Forest Industry Workforce Initiative
WEDC Workforce Innovation Grant
Gov. Tony Evers and WEDC Secretary Missy Hughes announced the grant award to the Wisconsin Forestry Center in June 2022.
The Wisconsin Forestry Center (WFC) at UW-Stevens Point has launched the Forest Industry Workforce Recruitment and Development Initiative to address the urgent need for skilled workers in the forestry industry. With support from an $8 million state Workforce Innovation Grant and in collaboration with industry partners, the WFC will establish a forestry education and career pathway program.
The Forest Industry Workforce Recruitment and Development Initiative will:
- Introduce forestry and its career opportunities early in the education cycle.
- Expand existing high school forestry education with a certified skill development curriculum for workforce entry.
- Provide affordable, short-duration, post-high school training programs leading to stable, well-paying jobs.
- Build career development pathways via credit-eligible certificate programs.
For Northwoods residents, their livelihood depends on the region’s vast forests. The logging and forest products sector is among the top 10 employers in 31 counties in Wisconsin and No. 1 in 10 counties. This natural resource requires sustainable management by trained professionals.
The region’s aging workforce and declining populations have resulted in significant workforce shortages and skill gaps, an issue exacerbated by the pandemic. Based on surveys and industry reports, employers in all forestry sectors have an urgent need for skilled workers, particularly entry-level employees. The Forest Industry Workforce Recruitment and Development Initiative will educate students and train workers for a forestry career pathway with growth potential.
The initiative’s three focus areas are:
The WFC will work toward increasing forestry awareness, knowledge, and skills among students and the public through curriculum expansion in the classroom and mobile education units at public events. The curriculum, developed by LEAF, Wisconsin’s K-12 Forestry Education Program, will be incorporated into additional schools and grades.
Forestry on the Road (FORward) mobile education units will be outfitted with timber harvester simulators and portable sawmills, providing hands-on exploration and skill development at public events, teachers’ conferences, and school forests.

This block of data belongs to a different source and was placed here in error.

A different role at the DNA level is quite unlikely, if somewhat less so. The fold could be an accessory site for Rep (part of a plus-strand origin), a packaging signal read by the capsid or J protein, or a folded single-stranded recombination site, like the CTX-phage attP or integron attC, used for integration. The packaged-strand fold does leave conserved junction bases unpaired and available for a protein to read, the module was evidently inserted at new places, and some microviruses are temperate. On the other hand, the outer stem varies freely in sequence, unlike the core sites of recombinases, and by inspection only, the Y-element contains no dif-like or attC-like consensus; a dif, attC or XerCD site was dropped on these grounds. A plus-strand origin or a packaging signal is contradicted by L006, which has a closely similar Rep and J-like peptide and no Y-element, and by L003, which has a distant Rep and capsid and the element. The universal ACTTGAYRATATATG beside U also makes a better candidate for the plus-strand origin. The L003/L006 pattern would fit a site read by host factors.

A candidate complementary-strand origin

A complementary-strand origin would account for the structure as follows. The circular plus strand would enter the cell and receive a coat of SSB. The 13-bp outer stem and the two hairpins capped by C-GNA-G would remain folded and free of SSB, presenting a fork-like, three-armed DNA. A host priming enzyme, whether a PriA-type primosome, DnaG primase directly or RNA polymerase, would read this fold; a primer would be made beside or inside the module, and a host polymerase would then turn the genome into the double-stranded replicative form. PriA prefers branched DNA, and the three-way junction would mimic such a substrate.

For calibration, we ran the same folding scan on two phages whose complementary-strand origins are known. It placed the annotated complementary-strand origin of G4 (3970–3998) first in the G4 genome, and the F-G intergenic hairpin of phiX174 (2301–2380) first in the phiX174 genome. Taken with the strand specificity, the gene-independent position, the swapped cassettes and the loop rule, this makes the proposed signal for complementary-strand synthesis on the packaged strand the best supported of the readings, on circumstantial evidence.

Applied High School Forestry Curriculum
In addition to K-10 education expansion, an applied high school forestry curriculum will be developed, and the WFC will provide teacher training. The curriculum will be offered in Antigo, Menominee Indian, Merrill, Rhinelander, and Tomahawk high schools, expanding to additional districts later. High schools can build on their classroom learning through a one-week Skills Camp training program at a new grant-funded Forestry Advancement Center outdoor classroom at Treehaven
, the UW-Stevens Point field station in Tomahawk, Wis.
Students will be able to move directly into the workforce, gain further experience through an immersion training program, or transition to a technical college or UW-Stevens Point with pre-earned credit.
Immersion Training Programs
Post-high school immersion training programs will be developed and made available through regional training hubs, leading to stable, well-paying jobs. The low-cost training programs will educate participants on state-of-the-art technology used in the forest industry to provide quick entry to jobs. Two programs will be developed:
Forest Operations: A 240-hour program based at Treehaven, the Forest Operations immersion training program will cover eight industry-identified skills to prepare people for forestry equipment operation/mechanic jobs. Participants can earn a UW-Stevens Point certificate upon completion, industry-recognized certificates, and credits that will transfer to technical schools and UW-Stevens Point.
This 200-hour program will cover seven industry-identified skills to prepare employees for cutting-edge sawmill maintenance and operation jobs. It will use the Midwest’s only primary-to-secondary wood manufacturing training center: the Wood Technology Center for Excellence
at Northcentral Technical College (NTC) in Antigo, Wis. Participants will learn to use the latest milling technologies to turn logs into dimensional lumber for making trim, cabinets, and other products. Upon completion, participants will earn a certificate and credits toward degree programs at NTC and UW-Stevens Point.
This initiative would not be possible without a broad-based coalition of partners. They include:
Regional Economic Development Partners:
High School Partners:
Equipment Manufacturer Partners:
State Agency Partners:
Professional Organization Partners: